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Behind the Scenes: 'Parallel Lives'

May 2, 2013 8:51 a.m.

KPBS arts reporter looks at the Oceanside Theater Company's production of "Parallel Lives."

Related Story: Behind The Scenes: 'Parallel Lives'


This is a rush transcript created by a contractor for KPBS to improve accessibility for the deaf and hard-of-hearing. Please refer to the media file as the formal record of this interview. Opinions expressed by guests during interviews reflect the guest’s individual views and do not necessarily represent those of KPBS staff, members or its sponsors.

ANCHOR INTRO: The Oceanside Theater Company offers a world premiere, a kid’s musical, and a sketch comedy in its second season of productions. KPBS arts reporter Beth Accomando speaks with the company’s creative team as well as a pair of supreme beings about the changing face of community theater.

Community theater sometimes gets a bad rap. So Christopher Williams is working to challenge the notion that community theater is silly or amateur.

CHRISTOPHER WILLIAMS: So I’m trying to bring a professional work ethic.

Williams is artistic director at the Oceanside Theater Company. He’s an actor and teacher, and feels we’ve lost a sense of the master and apprentice in art.

CHRISTOPHER WILLIAMS: And we need to bring it back. We need to have those teachers within the work environment not just in an educational facility but to practice in the work environment and so that’s what I’m trying to do, I’m trying to bring in professionals to work with people that are not as experienced so that we can build a culture and build artists here in our community.

Williams founded the Oceanside Theater Company in 2011 and convinced the city to give him the recently refurbished Brooks Theater as the company’s home base. Now in its second, the Oceanside Theater is currently staging “Parallel Lives.” The play begins with a pair of supreme beings creating the world.

CLIP Okay let’s go on, roles and rules.

Director Tracy Williams says these beings set the stage for an evening of unconventional theater.

TRACY WILLIAMS: It’s really one scene that just kind of sets us up for a universe that’s going to get a little bit wacky and maybe a little bit out of control. And a couple of angels creating this world that want to give us choices.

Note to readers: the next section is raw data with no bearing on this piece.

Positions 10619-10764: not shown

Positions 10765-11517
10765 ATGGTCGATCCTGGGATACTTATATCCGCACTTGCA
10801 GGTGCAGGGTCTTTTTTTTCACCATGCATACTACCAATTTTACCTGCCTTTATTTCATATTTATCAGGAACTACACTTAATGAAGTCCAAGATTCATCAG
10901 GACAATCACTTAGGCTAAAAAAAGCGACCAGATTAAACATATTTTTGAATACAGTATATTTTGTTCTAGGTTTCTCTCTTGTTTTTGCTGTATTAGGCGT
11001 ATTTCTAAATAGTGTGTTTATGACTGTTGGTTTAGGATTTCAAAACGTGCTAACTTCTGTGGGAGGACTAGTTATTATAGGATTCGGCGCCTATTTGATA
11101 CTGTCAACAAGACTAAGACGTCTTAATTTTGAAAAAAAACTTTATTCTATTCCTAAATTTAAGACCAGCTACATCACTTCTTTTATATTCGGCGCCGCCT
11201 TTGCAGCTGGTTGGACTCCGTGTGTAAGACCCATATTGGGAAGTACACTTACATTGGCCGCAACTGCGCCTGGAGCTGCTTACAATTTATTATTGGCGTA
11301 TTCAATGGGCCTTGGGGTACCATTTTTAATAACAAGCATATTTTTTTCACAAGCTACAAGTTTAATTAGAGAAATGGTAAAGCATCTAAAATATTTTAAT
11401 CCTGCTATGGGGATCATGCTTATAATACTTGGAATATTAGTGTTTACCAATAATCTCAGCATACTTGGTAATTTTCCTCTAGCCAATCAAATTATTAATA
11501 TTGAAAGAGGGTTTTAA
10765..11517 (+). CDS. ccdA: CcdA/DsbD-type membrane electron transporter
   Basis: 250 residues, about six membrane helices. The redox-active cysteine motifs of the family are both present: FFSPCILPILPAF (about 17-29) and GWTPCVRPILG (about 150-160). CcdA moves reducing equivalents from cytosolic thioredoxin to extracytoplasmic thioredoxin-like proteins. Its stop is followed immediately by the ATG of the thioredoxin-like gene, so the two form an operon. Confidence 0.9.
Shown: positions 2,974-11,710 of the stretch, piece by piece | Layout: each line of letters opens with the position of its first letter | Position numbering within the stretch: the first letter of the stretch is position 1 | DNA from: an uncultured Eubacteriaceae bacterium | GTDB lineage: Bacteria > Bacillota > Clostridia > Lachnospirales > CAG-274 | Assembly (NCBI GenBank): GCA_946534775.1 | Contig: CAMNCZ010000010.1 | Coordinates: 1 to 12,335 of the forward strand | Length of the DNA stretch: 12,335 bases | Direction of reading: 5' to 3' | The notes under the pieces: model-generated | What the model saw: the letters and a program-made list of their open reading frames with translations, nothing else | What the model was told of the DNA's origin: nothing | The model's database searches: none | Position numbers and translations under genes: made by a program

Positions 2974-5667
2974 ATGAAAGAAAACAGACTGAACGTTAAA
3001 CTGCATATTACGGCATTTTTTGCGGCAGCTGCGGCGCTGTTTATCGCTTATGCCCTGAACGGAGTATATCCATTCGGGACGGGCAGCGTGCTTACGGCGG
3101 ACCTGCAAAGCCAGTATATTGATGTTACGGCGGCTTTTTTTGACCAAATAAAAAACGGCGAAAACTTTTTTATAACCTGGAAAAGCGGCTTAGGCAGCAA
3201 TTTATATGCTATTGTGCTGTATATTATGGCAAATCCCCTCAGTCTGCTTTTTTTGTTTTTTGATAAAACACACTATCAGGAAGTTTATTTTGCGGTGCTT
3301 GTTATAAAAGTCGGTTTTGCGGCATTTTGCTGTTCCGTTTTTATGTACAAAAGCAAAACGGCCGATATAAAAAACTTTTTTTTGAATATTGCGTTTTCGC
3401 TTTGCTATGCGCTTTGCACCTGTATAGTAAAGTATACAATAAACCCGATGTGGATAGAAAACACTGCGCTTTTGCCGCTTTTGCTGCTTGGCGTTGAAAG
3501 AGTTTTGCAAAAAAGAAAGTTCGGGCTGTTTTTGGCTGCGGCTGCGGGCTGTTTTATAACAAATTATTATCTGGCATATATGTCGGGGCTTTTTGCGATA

CLIP Why rules, let’s give them a choice… You told him our plan?

GERILYN BRAULT: I think it’s a really clever way to introduce the types of topics we’ll be discussing during the night, but kind of sneaky.

That’s actress Gerilyn Brault, she plays one of the supreme beings in what is essentially a Saturday Night Live style sketch comedy. The play was written in the 80s by Kathy Najimy and Mo Gaffney. It was a personality driven piece so the Oceanside Theater knew it had to find actresses with the right chemistry to bring the play to life, actresses like Brault and Virginia Gregg

VIRGINIA GREGG: It’s not a traditional play where you have an arc you have a conflict a resolution, so it’s nice every scene needs to be its own full spectrum.
GERILYN BRAULT: And if you don’t like one there’s another one after it.

Gregg and Brault have known each other for almost a decade and tend to finish each other’s sentences, precisely the kind of dynamic to make a two-person sketch comedy work.

VIRGINIA: And we knew we would play with each other. If I was going to do a choice you’d come along with me.

For the play they tackle a combined total of 41 roles – both male and female -- with few props or costumes to help define the characters.

GERILYN BRAULT: For the most part it’s just us, our voice and our bodies.

With little more than wigs and glasses, the two actresses vividly create a pair of older ladies looking to broaden their horizons.

CLIP Maybe we should introduce ourselves, I’m

Through characters like Mad and Syvvie, the play introduces its more serious themes.

CLIP Hell I got used to the microwave oven, I can get used to the idea of you being a gay person.

Director Tracy Williams likes the way the play tackles hot button issues.

TRACY WILLIAMS: This is a piece that shows you how we behave, and shows you how we think, but never tells you how you should.

Brault appreciates that as well.

GERILYN BRAULT: We want people to come out and have a discussion we don’t want to tell people what to think. It’s very easy for us to transition to the serious moments that still have humor throughout.

And the Oceanside Theater Company wants to be able to make similar transitions says Christopher Williams.

CHRISTOPHER WILLIAMS: Our next production after “Parallel Lives” is an original work by Aimee Greenberg, she’s a local playwright… and it’s Holocaust based and in our second season we have a world premiere, I’m very excited.

After Greenberg’s “Light Falling Down” will be the children’s musical “A Year With Frog and Toad.” Williams hopes the diverse programming is just another way to help redefine how people see community theater.

TAG: “Parallel Lives” continues through May 5th at the Brooks Theater in Oceanside.